They talked about which neighborhoods in Seattle are cool. I daydreamed about a world without phones. Right when I was absent-mindedly using my grandmother's back-scratcher on my left butt cheek, Jason asked what I was doing at that very moment. I paused mid-scratch. Do I tell?

"He's probably fishing," he said.

"Something like that."

• • •

I knew, of course, that vending from home would add hours to my day. I have to say, though, that I'm blown away by the cumulative effect of this work style. Free of interruptions and the overhead of meetings, 1:1s, reviews, brown-bags and other corporate atrocities, I can get a full workday done in about 4 hours. No commute? Plus 2 hours. That's about 30 waking hours per week that I did not used to have. I get everything done nowadays. Even when I have to work overtime, the entire day doesn't vaporize on me. Yesterday was typical. I worked ten hours, with four hours of gardening in the middle, and I was still done by 6:30.

Dear god, please oh please oh please don't let the gravy train ever stop, amen.

yeah, that's about the size of it

Every once in a while, Seattle will appear in some list of the nation's most polite cities—one time even in a non-Seattle-based publication. The claim always makes me snort, if not guffaw. Yes, I'll guff, I suppose there's one advantage to people pretending they don't see you and fleeing the moment you attempt conversation: they don't give you the finger, either.

Here's the headline that made me guffaw this morning:

seattle gunman headline

consistency of character

After some solo boating, I visited a restaurant that the AW and I used to frequent. Dining alone with a good book is one of my favorite activities. I find reading and having food brought to me to be incredibly relaxing. And thus was I deep in a don't-talk-to-me trance, engrossed in my book, when the server shattered my peace and quiet. She set her tray down on my table and assumed an alarmingly meaningful tone, looming above me, so near that her waist was all I could see. Utterly mortifyin'.

"I just have to thank you!" she gushed nervously.

I tried to remember even making eye contact with her. "Pardon me?" I said to the waist.

brown ponytail"I have to thank you. On my first day here, a really horrible day where I almost quit, everyone was awful to me and you were the only person who was kind."

That certainly didn't sound like me.

"That certainly doesn't sound like me. I think maybe you're confusing me with someone else?"

"No, it was you. I remember. You were here with a blond woman, seated right at that table over there. You were on your way to the Film Festival."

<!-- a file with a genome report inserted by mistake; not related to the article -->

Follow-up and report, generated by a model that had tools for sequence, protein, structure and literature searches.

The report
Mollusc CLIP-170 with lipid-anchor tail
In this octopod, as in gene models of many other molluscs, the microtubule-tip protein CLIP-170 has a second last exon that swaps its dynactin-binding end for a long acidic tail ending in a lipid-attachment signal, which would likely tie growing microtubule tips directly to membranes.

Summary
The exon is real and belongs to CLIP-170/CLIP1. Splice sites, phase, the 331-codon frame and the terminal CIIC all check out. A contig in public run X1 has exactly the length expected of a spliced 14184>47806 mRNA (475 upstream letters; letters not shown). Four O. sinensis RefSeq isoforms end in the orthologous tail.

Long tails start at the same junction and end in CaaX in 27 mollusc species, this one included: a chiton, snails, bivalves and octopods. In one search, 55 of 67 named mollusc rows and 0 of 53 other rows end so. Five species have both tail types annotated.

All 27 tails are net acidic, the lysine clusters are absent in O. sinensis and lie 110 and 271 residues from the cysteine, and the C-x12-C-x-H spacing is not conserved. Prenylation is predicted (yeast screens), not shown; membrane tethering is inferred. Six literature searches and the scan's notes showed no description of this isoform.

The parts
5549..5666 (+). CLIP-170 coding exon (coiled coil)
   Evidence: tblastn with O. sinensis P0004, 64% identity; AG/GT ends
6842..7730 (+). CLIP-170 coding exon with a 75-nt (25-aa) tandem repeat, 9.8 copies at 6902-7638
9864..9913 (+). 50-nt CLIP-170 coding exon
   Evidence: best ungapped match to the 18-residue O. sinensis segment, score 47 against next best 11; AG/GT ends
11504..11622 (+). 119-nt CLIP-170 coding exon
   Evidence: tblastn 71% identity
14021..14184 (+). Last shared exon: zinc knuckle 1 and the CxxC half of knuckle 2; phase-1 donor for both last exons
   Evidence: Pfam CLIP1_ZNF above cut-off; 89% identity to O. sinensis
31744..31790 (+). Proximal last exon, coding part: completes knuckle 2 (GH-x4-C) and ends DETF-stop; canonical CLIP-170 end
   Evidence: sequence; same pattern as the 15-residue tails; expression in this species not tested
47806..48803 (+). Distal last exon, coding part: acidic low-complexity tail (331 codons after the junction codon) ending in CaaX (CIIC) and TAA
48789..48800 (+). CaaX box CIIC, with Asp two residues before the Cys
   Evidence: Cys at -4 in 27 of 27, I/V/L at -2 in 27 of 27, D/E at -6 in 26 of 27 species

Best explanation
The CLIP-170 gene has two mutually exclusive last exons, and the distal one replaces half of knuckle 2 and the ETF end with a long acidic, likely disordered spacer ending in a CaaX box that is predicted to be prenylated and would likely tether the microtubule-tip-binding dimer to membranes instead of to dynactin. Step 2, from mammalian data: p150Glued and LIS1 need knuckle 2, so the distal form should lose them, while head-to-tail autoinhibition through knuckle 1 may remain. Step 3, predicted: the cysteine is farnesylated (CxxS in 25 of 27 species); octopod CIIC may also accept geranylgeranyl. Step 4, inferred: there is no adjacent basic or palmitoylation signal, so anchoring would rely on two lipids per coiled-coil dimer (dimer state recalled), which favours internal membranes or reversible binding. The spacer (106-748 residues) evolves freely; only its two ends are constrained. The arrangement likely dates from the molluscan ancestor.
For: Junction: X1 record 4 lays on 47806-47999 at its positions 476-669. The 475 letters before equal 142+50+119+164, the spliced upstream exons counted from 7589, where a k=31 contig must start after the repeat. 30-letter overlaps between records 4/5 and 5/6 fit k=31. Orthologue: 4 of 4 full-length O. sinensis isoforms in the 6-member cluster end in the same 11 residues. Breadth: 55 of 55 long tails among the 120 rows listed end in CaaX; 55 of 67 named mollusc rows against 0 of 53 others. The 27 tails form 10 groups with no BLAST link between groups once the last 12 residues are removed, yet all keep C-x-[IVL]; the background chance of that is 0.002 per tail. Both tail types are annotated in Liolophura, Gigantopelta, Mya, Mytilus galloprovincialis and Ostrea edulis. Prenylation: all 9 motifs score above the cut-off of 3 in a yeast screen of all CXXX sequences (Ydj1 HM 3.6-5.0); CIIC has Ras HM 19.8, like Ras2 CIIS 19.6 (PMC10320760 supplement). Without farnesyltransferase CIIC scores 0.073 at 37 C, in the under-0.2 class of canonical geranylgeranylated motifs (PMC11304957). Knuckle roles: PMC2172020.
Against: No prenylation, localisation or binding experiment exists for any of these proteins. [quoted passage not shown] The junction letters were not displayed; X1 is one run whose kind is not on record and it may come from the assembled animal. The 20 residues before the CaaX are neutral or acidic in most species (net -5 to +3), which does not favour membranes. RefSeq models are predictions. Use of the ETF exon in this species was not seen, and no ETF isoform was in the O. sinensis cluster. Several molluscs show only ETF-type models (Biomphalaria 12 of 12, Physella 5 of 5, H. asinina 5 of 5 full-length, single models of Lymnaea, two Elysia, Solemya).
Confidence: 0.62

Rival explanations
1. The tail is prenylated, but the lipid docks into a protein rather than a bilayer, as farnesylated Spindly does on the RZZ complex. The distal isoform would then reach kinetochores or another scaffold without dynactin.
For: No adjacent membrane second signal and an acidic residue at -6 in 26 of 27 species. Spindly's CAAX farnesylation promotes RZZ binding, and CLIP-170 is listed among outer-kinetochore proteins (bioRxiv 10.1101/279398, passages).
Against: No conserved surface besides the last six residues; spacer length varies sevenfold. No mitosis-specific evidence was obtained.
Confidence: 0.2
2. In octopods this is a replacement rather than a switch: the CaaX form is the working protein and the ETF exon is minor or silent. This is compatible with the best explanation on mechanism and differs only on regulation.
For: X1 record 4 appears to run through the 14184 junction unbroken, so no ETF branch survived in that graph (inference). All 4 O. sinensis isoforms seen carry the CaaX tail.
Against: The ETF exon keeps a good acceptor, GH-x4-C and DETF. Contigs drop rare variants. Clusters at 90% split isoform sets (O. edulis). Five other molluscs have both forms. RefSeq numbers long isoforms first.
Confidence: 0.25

Oh. That was me. That was me three years ago, but it was me.

"And you saw that everyone was pissed off at me, and you told me that I was doing great, to go ahead and neglect you two so I could help everyone else, and then you gave me a tip that was big enough for the whole room—practically the only money I made that day."

"Anyway, um, thanks. My name's Sarah." And then she got flustered and left.

I thought back to the original incident. Even though she was clearly set up to fail, even though she was obviously hustling her ass off, the other customers—a great mass of preening assholes—bitched about the service when she was absent. That, I remembered. I never forget a preening asshole. But what on earth had possessed me to do the right thing?

As I contemplated my inconsistency of character, the waitress came into full view. I actually stopped breathing. She's utterly gorgeous. And when she turned her head to smile at someone, a silky, bouncy brown ponytail whipped around her neck.

Ah. Order to the universe, restored.


The football gods came to me in a dream last night and whispered into my subconscious what turns out to be true: the Steelers get their rings in a game two days before Ohio State plays national champ Texas in Austin. Hello, road trip!

• • •

Two hours later: done and done. Thank you, football gods. I shall now sacrifice an Ohio State Final Four banner in your honor.

spade! spade!

With the NCAA men's tourney presently between rounds and the Ohio State women taking it on the chin, I'm left with watching the NFL Network while I work. It turns out that Paul Tagliabue is a great man, and that the NFL is a totally bitchin' league. Who knew?